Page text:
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I like to cook stuffing in the bird because I think it imparts flavors you just can't achieve cooking it out of the bird. The problem is, it's virtually impossible to get the stuffing to 165F/74C without way overcooking the meat. I read one suggestion to cook the bird until the meat is done and then remove the stuffing and finish it in the oven. That makes sense, but is it really a safe method? Is it possible the lining of the cavities also aren't fully done yet since they've been exposed to cooler stuffing and not hot oven air?

If so, would a good alternative be to remove the stuffing when the meat is, say, 10 degrees short of being done and then putting both the stuffing and bird back in the oven to finish?

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What kind of stuffing are you referring to? I often stuff a chicken with sausage meat and onion stuffing but that is pre-cooked before stuffing the chicken. –  spiceyokooko Dec 27 '12 at 22:45
    
It's a simple cornbread stuffing with onions, celery, butter and spices. The onions and celery have been sauteed, but it's not hot when it goes in. –  Carey Gregory Dec 27 '12 at 22:49
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If the stuffing is really causing that kind of a temperature gradient between the surface of a 20 lb bird and the cavity, then that would mean that parts of the turkey are actually undercooked, and removing the stuffing for 10 minutes out of several hours is not going to fix that. Better to use a thermometer, though, than to make assumptions. –  Aaronut Dec 27 '12 at 23:39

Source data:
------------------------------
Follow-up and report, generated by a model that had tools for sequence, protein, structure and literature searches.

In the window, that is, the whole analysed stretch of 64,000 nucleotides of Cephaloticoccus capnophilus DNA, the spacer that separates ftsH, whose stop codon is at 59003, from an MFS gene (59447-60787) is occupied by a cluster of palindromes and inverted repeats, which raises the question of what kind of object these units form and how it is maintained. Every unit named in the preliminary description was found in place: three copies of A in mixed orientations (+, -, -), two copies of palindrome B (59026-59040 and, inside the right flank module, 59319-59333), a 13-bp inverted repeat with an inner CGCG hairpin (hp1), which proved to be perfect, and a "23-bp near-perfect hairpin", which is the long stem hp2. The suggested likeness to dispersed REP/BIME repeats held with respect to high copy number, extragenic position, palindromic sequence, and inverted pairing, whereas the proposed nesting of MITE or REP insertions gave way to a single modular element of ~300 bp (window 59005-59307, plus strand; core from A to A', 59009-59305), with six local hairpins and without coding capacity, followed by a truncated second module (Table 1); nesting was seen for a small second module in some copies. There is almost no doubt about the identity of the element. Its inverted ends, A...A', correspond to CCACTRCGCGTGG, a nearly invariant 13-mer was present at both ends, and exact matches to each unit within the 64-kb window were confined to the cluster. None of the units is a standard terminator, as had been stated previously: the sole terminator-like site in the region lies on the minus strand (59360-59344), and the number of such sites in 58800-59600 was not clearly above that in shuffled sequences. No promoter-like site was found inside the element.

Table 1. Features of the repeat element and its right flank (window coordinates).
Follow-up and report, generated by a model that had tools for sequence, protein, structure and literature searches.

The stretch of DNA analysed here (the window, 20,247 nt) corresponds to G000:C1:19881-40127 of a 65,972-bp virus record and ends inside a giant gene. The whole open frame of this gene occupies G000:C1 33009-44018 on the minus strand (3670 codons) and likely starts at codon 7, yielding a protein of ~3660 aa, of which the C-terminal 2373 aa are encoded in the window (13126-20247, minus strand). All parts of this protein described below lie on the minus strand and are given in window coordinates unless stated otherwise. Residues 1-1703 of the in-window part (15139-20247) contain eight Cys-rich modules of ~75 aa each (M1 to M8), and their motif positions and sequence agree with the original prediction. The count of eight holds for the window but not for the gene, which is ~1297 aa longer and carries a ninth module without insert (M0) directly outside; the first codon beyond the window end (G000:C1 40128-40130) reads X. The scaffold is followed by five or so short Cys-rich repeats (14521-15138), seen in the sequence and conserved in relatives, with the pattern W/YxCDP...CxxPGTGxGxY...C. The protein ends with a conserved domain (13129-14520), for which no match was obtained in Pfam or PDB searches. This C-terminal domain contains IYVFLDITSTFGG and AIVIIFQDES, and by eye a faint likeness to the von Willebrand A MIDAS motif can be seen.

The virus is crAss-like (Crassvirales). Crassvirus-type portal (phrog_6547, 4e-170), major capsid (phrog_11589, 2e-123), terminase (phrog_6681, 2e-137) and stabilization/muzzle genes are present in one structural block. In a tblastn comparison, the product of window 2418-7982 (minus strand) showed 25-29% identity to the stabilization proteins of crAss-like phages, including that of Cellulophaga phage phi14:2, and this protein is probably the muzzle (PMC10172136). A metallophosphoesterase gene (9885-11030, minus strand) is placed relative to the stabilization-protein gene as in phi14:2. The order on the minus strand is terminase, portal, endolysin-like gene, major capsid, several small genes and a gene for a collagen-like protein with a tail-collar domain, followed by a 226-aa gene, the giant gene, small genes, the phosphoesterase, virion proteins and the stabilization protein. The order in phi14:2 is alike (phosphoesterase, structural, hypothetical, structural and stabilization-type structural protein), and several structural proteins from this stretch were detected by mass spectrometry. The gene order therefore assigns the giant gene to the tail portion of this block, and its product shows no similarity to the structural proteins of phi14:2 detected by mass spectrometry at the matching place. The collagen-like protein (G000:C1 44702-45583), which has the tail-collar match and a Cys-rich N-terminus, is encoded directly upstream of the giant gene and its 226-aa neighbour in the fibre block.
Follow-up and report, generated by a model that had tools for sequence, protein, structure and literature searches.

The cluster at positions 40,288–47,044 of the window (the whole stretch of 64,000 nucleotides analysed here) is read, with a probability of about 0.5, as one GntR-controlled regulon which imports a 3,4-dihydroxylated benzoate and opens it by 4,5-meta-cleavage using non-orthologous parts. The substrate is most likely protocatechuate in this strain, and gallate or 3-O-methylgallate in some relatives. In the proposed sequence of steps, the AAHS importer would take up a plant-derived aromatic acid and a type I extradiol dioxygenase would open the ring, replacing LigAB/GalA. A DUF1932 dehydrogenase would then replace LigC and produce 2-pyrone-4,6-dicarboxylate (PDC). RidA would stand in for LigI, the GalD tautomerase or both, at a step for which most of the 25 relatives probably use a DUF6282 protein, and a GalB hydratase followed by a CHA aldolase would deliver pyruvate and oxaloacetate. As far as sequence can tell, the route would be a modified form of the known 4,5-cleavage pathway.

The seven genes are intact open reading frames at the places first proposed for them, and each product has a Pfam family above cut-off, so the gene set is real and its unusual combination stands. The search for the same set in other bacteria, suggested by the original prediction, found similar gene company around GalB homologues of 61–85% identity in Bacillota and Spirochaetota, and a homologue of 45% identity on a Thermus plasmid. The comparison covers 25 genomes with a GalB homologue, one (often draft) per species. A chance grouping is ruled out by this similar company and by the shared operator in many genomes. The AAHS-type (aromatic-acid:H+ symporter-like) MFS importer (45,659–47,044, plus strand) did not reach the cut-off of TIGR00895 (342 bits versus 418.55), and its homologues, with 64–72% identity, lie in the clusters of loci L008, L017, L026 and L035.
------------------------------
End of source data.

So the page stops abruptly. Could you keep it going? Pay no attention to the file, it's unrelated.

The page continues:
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The temperature of the inner surface of the cavity is going to be essentially equal to the temp. of the outer surface of the stuffing. Since neither is in contact with any of the heating modalities in the oven (radiation from the hot oven walls, conduction from air contact, convection from circulating hot air), that interface will only heat by conduction through the outer turkey. You want cooked stuffing without overcooking the turkey--that is tricky. But the short answer is yes, the stuffing prevents the turkey from getting convection/conduction heat on the inside. –  SAJ14SAJ Dec 28 '12 at 0:38
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You say you discount the safety issue--that is fine for you personally. But for reference of future people looking at this question: the stuffing is soaking in raw turkey juice while the turkey comes up to temperature, several hours, and then slowly moving through the danger zone to the kill temperature, providing a near ideal environment for pathogens to multiply for an extended period of time. It doesn't matter if the stuffing has no meat given the turkey juices. The safety concerns are real. –  SAJ14SAJ Dec 28 '12 at 0:41
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2 Answers 2

up vote 6 down vote accepted